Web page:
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Nearly 26 million Americans have diabetes and more that one-quarter of them don’t know it, the Centers for Disease Control and Prevention estimates.

Getting treatment early is crucial to avoid complications that include kidney failure, blindness and increased risk of heart disease and stroke. In order to target the undiagnosed, health care providers are working to make diabetes testing available in a variety of settings.

University at Buffalo researchers have published results on one of the first studies that focused specifically on the diabetic HbA1c blood test and whether it was feasible to perform it in dental practices.

Dentists have conducted patient blood sugar tests for some time, but very little in the way of field trial research is available, said dentist Robert J. Genco, the study’s lead author and UB distinguished professor of oral biology and microbiology and immunology.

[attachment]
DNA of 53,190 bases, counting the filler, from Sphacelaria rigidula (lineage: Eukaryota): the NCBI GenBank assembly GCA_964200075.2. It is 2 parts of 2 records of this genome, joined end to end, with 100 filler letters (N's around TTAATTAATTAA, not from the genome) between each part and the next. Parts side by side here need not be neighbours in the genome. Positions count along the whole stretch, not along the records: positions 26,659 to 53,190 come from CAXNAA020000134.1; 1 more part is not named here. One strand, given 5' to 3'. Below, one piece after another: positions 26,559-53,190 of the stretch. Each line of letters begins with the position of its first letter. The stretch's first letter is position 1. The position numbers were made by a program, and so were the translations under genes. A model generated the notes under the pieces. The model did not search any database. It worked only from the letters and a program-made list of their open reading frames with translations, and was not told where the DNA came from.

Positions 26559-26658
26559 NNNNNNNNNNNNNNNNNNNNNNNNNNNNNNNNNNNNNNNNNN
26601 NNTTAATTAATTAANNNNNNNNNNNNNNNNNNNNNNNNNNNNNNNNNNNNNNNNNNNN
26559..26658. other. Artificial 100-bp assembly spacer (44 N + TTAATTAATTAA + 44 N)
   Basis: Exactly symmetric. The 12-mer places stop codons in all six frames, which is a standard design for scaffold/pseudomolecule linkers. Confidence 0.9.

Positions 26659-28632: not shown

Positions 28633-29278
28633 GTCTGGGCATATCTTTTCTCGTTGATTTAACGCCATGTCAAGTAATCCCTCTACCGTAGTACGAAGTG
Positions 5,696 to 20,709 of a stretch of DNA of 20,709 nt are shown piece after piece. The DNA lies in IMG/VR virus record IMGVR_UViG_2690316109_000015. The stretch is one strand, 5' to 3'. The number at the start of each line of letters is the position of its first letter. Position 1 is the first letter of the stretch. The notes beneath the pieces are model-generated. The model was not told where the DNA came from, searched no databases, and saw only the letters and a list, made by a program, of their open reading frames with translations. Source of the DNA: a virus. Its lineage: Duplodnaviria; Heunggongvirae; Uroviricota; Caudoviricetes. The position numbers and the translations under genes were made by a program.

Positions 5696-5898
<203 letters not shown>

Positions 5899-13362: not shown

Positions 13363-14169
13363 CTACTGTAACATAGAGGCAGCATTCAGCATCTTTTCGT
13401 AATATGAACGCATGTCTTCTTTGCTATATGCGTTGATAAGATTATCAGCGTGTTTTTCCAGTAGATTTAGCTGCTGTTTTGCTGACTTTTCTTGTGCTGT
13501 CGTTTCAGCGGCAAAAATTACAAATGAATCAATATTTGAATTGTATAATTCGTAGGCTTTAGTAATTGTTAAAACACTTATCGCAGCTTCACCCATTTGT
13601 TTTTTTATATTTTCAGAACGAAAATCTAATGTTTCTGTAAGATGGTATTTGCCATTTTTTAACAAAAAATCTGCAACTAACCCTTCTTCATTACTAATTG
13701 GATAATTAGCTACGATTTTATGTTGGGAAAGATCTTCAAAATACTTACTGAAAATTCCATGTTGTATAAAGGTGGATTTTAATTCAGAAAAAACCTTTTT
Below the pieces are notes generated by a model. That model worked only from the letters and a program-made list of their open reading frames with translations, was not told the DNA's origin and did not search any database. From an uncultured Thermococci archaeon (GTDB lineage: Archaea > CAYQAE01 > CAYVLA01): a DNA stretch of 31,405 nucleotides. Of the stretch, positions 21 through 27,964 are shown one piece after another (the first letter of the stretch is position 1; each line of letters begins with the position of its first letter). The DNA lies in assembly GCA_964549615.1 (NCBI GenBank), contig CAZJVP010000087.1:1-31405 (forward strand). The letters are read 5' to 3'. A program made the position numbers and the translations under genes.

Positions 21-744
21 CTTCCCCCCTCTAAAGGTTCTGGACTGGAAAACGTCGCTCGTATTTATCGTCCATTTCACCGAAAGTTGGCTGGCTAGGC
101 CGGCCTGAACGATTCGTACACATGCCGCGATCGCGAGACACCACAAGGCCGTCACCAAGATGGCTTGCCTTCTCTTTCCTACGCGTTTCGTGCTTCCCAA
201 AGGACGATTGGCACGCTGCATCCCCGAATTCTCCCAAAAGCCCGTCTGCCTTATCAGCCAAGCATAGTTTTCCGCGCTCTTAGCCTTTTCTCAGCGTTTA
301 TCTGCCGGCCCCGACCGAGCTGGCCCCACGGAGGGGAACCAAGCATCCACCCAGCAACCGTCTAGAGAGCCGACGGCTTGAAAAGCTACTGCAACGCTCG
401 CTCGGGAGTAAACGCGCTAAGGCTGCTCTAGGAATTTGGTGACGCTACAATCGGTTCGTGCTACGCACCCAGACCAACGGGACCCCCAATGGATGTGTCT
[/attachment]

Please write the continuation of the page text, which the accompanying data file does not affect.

The HbA1c blood test is considered essential for patients with diabetes and pre-diabetes because its results can reflect an individual’s blood sugar control anywhere from four weeks to three months – not just that day.

Genco said the goal of the study was to determine how practical it was to perform the HbA1c test for diabetes as part of a regular dental visit. The patients in the study were 45 years and older and unaware of their diabetic status. Of the 1,022 patients screened in a dental setting, 416 (40.7 percent) had blood sugar level of 5.7 or greater and were referred to physicians; more than one-third were diagnosed with diabetes within one year.

Genco never met either of his grandfathers, both of whom died early due to complications related to diabetes.

“Because of this,” he said in a news release, “I would like to make a contribution to the understanding and control of diabetes.”